What drinking a 42yo aged wine reminded me to do

Hardys 1973 Hermitage


There’s something exciting about drinking an aged wine…. It’s a different experience, it’s different complexities, often a different world… And there’s something about drinking a bloody good aged wine, one that just blows you away. So, having said that you need to find a wine that will stand the test of time and improve with age, and you need to find a way to store it well. Now the storage side of things is probably another blogpost in itself so I will save that one for another day, but here’s something that occurred to me the other day, something that I really should do.

The other day I pulled out a 1973 Hardy’s McLarenVale Hermitage. I’ve posted my tasting notes / musings below as a few people from Instagram and Facebook have asked me to share what this one was like. It’s always fun trying an old red wine, hoping that the cork is ok and the wine tastes good. When it does, it can blow you away… But it was nearly the sense of occasion that made me remember something that I always said I would do one day. So, Here’s my notes on the wine and then I’ll chat about what this reminded me to do.

Tasting Notes – Hardy’s 1973 McLaren Vale Hermitage

Cork condition

  • almost perfect

Colour:

  • beautiful deep red colour still, with a touch of copper colour on the sides as you can see the colour starting to brown a little as it ages
  • becoming more medium bodied in weight

Nose:

  • I was 50/50 as to how this would be after getting some jammy / raisin flavours on the nose
  • after a little bit more time in the decanter it certainly started to smell ok, although a little more like a good Port

Palate:

  • silky smooth as you’d expect for a 42yo wine, subtle berries coming through. Probably lost some ‘bang’ over the years but still ripe berries coming through after all these years with some chocolate
  • did taste a little too much like a Port indicating some oxidation but I thought it may be much worse after smelling such like a Port on the nose
  • quite drinkable though, but probably 5-10 years to late. I had planned to drink this one many birthdays ago!

Did I enjoy it?

Yes and no… Yes, because of the experience and it actually drank ok and if you do like an old Port you would think this was pretty ok, however the nose puts you off a little. At the end of the day, it seemed like a really good wine that was 10 years past its best.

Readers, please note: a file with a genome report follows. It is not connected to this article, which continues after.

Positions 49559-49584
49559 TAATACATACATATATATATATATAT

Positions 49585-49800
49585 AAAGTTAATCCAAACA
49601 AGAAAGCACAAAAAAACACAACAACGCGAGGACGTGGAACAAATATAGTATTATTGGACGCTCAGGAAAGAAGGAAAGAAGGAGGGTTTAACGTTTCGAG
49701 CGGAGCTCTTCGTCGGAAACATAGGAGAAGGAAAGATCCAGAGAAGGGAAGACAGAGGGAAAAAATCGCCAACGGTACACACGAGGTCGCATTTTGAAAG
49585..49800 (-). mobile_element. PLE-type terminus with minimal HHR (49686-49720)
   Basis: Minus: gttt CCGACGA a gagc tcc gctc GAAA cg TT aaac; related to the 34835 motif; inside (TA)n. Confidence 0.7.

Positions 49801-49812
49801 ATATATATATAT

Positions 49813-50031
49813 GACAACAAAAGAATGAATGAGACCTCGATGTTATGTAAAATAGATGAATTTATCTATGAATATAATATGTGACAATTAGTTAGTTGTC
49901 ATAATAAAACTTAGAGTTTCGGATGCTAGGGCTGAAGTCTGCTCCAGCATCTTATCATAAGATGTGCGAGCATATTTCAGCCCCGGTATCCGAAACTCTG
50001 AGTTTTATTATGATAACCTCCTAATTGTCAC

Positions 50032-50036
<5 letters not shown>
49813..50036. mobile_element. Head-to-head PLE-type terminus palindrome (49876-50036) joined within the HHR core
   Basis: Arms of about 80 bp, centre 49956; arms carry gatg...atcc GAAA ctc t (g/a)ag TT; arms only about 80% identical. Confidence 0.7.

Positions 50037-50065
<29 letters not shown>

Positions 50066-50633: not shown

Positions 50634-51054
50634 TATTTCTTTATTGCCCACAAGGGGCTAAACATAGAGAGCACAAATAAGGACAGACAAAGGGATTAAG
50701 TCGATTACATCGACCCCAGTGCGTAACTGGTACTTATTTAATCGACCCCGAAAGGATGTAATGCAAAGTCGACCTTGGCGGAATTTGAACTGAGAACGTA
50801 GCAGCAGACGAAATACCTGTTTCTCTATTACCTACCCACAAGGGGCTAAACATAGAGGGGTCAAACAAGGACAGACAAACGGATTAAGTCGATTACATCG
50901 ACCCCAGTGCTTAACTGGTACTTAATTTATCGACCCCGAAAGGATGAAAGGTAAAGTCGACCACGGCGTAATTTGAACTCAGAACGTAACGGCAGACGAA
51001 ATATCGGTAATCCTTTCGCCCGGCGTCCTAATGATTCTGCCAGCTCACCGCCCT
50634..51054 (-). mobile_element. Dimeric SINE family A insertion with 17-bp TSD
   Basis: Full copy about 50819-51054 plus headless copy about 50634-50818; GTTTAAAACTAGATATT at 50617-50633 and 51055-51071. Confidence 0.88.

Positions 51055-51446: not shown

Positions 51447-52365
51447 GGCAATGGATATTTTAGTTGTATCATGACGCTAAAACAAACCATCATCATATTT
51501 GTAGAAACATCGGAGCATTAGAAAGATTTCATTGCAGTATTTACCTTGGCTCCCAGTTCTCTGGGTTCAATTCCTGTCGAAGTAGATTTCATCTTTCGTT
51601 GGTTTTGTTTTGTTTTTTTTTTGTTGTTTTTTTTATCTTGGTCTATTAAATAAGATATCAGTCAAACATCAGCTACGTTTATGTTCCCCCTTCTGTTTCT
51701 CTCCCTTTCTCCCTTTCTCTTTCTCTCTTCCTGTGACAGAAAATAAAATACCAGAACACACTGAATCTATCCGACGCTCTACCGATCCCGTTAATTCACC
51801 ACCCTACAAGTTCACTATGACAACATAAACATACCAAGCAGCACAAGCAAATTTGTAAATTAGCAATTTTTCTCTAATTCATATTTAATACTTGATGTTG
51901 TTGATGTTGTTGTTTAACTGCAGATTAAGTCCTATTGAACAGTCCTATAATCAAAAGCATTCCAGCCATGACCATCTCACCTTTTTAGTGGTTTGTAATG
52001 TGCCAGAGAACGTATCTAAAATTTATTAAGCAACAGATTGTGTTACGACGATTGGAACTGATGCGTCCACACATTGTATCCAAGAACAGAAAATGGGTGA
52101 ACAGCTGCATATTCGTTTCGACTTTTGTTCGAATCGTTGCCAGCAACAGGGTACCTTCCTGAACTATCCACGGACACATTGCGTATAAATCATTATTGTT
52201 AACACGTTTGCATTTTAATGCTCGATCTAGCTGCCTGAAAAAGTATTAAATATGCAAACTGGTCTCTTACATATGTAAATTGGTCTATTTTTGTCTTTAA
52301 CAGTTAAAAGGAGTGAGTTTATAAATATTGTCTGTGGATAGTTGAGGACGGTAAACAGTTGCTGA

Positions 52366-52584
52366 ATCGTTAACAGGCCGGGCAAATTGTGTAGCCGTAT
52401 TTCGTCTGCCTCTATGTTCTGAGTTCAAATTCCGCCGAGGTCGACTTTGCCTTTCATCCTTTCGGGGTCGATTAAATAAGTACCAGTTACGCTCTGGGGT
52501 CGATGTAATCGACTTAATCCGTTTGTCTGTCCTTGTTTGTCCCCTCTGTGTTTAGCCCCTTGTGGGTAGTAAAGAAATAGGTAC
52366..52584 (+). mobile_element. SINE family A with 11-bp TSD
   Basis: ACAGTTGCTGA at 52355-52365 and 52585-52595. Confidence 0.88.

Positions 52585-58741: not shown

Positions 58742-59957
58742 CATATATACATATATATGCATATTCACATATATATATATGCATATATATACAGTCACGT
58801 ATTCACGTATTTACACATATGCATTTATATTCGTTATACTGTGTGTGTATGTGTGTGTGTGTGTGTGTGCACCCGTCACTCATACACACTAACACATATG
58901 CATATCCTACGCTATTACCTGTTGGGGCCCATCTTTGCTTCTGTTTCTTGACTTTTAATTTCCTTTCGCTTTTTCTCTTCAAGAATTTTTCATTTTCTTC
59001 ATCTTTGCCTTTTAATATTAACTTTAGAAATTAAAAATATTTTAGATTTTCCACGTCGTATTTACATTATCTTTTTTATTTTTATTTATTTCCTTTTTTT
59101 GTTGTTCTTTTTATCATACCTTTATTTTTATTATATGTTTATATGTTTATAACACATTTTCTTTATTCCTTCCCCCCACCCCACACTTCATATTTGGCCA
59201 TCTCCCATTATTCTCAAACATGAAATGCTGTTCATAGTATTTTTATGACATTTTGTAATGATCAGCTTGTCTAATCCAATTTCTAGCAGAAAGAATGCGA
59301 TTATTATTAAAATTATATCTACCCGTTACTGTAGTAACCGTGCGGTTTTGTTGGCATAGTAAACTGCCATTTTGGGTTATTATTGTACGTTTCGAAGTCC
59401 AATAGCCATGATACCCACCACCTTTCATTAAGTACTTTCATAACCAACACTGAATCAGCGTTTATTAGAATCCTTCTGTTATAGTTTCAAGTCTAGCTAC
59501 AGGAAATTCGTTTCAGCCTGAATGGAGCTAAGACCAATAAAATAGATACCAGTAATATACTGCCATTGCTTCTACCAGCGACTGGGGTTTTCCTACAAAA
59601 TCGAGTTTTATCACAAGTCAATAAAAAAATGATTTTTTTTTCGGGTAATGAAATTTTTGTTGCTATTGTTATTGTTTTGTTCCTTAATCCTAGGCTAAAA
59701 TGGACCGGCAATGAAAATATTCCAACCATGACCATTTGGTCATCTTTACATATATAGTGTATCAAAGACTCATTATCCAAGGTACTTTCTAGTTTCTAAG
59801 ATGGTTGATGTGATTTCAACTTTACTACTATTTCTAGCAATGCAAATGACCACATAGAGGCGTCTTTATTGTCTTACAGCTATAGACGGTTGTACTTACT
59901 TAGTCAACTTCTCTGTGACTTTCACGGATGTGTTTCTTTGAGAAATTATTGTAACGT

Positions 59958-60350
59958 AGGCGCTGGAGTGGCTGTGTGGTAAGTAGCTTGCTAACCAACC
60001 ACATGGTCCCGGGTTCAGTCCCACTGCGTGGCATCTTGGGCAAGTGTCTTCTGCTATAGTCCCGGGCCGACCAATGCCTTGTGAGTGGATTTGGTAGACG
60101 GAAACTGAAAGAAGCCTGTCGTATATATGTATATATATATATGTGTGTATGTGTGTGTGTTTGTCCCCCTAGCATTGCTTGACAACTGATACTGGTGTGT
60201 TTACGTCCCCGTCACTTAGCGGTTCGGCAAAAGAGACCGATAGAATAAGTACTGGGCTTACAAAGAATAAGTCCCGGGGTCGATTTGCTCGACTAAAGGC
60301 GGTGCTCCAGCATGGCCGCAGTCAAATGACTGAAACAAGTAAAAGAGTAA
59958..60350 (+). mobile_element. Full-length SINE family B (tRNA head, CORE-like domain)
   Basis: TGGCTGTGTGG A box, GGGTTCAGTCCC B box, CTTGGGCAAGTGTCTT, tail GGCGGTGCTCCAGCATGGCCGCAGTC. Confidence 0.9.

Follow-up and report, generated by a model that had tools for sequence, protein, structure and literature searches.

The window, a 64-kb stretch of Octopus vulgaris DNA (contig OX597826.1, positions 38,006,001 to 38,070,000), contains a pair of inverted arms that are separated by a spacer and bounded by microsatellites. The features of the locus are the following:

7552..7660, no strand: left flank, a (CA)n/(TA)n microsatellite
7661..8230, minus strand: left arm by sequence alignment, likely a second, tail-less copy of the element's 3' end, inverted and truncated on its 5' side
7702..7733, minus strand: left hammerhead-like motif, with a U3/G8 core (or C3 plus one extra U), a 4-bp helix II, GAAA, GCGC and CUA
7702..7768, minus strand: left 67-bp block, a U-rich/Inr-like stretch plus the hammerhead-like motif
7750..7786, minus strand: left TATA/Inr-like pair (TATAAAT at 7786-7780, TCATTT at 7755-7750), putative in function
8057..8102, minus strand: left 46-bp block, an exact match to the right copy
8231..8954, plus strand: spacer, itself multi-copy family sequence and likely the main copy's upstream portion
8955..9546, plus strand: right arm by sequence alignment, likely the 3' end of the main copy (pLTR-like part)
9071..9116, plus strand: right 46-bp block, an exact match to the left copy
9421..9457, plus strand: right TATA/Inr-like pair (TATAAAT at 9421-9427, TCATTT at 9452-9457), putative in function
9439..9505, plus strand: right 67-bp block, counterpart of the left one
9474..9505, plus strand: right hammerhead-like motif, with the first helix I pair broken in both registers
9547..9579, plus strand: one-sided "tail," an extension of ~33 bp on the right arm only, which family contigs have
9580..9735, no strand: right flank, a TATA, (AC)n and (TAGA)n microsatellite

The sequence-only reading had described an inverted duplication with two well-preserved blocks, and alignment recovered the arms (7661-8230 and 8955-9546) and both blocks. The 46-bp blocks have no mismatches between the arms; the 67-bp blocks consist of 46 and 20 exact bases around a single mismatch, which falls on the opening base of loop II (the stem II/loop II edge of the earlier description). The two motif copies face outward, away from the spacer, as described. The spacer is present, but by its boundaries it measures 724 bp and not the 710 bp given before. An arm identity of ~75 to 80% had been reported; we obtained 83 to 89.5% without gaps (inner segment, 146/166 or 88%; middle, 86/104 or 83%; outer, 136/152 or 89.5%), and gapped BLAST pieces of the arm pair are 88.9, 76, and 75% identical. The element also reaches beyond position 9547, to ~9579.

So, what did this remind me I should be doing? Well, this is something that everyone should try…  I really should be putting a dozen bottles of my favourite good red wines, for the birth year of my kids, away to cellar. How good would it be giving them a dozen of your faves on their 21st? My little ones aren’t very old yet so I can easily get some of the vintages of their birth years.

Here’s the challenge…

So this is the challenge I have set myself (and feel free to do it as well if you can or if it suits).

Pick 12 bottles of good red wine (or try a couple of bottles of white also if you are brave) of the year of your child’s birth. Find your favourites in that vintage over a few months and make your dream dozen.

Find somewhere that you can store them well. Give them to your kids on their 21st birthday…

Are you up for it? Leave a comment below if you are keen or if you are way ahead of me and already started!

Lynton Manuel

Lynton Manuel

Sports lover, tech lover, social media lover, family man and wine lover... Co-founder of WineCloud with a mission to make awesome wines more accessible to wine lovers. He also believes that chocolate yo-go's make a great food-wine pairing with Shiraz.
Lynton Manuel

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  • Matthew Edwards

    Way ahead of you. Luckily ’09 was a very good year in some of my favourite regions and, in particular Portugal, with some port houses declaring it a vintage year.

    Also, I got my eye on some wines with nods to my girls name. Miss Molly Sparkling Shiraz from Mollydooker is top of the list.

    Only 15 years to go!

  • Lynton Manuel

    Haha, you sound a little to excited about opening these already @disqus_Ugfu27e63t:disqus . What if she just to share them with friends on a girls night out? wink emoticon Mollydooker a good call by the way… I wonder how the sparkling would age though? Yep… has to be done now…

  • Matthew Edwards

    Sparkling reds develop a toasty, porty aspect even in the non-vintage style. I recently had a Rockford NV that I’d held on to for 10yrs – amazing! I also have a 1988 Sparkling Cabernet from our wedding day that I will be opening this year.